Film Artefacts
Overall

Audio

     Audio is English DTS-HD MA 5.1. The original audio for the film was mono, although there was apparently a 4 track stereo for the Japanese theatrical release. The audio commentaries are DTS 2.0.

     This is a fairly front oriented audio track although during the fights with re-animated corpses or the killer cat attack there was the crash of equipment in the rears and surrounds. Otherwise they featured the music, cat screams and occasional effects such as a whirring fan. The sub-woofer was limited to supporting some of the crashes and bangs. The score by Richard Band was just what the film required; jaunty and infectious in places, building tension in others.

     There are no lip synchronisation issues.

Audio Ratings Summary
Dialogue
Audio Sync
Clicks/Pops/Dropouts
Surround Channel Use
Subwoofer
Overall

Extras

     The extras are spread across the two discs.

Disc 1

Audio Commentary with Director Stuart Gordon

     A decent commentary from Gordon as he speaks about how the film came about, the Lovecraft stories it was based on, the cast, influences, special effects, the ratings board and the R rated cut of the film, the practical effects, that sex scene and other matters. He also mentions visiting a real morgue and noticing the colours of the bodies!

Audio Commentary with Producer Brian Yunza and the Cast

     Yunza and cast members Jeffery Combs, Barbara Crampton, Bruce Abbott and Robert Sampson sit together, chat and reminisce about the film. They laugh, joke, make funny noises, scream and talk over each other in what is a light-hearted but not overly informative commentary if you want to know about the film.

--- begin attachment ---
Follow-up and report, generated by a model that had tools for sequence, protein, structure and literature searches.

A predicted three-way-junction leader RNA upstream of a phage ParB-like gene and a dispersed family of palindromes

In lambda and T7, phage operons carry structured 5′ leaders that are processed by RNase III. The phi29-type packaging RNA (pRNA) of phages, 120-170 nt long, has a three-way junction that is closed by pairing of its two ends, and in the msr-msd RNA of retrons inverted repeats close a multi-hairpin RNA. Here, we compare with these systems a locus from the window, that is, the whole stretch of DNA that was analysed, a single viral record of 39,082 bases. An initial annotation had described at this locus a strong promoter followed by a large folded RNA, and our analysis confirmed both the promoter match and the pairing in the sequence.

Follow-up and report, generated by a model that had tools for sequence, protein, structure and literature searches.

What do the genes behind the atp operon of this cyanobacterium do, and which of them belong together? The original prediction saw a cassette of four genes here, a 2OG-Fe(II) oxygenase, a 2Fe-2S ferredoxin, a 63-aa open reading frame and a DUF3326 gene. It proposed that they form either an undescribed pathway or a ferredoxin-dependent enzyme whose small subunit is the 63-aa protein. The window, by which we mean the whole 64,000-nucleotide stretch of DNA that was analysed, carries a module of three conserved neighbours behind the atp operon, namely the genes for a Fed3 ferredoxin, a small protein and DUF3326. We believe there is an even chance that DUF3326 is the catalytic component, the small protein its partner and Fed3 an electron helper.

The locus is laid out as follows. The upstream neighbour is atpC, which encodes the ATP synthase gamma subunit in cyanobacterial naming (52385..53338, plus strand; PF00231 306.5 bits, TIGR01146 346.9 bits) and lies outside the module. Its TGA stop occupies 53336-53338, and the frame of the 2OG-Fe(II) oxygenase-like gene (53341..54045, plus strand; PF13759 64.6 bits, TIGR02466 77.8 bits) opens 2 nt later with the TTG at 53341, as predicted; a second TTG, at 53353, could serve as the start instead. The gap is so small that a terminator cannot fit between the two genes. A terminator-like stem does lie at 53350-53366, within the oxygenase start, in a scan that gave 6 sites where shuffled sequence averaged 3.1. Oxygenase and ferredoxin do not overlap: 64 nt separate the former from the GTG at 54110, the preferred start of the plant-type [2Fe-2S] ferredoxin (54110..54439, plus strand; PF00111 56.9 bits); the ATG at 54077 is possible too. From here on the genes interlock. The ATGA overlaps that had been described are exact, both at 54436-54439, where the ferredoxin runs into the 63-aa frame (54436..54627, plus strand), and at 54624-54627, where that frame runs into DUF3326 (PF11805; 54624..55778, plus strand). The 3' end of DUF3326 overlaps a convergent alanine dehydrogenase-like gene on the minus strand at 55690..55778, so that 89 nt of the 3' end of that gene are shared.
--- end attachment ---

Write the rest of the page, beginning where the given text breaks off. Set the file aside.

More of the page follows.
Re-Animator Resurrectus (65:49)

     Made in 2007 this is a great documentary in its own right, comprehensive but not overdoing the detail. Using film clips, although they mostly play in the background behind the interviewees, B-camera roll, photographs, script pages, storyboards and interviews with director Stuart Gordon, his wife, actress Carolyn Purdy-Gordon, writer Dennis Paoli, producer Brian Yuzna, DP Mac Ahlberg, special make-up effects people John Naulin, Anthony Doublin, John Buechler and cast Barbara Crampton, Bruce Abbott, Jeffrey Combs and Robert Sampson this documentary covers matters such as how the film came about, the casting and characters, the title sequence, the budget, the music, changes from the Lovecraft stories, deleted scenes, “that” sex scene, the editing and reactions to the film and, quite rightly, there is a lot of discussion, photographs and clips showing how the effects were created including the cat, the autopsy scene, the zombie creatures and the headless corpse. Wonderful stuff.

Extended Scenes (19:55)

     Sixteen scenes, some of which would have taken the film in different directions, such as the hypnosis practiced by Dr Hill, or West using the formula on himself.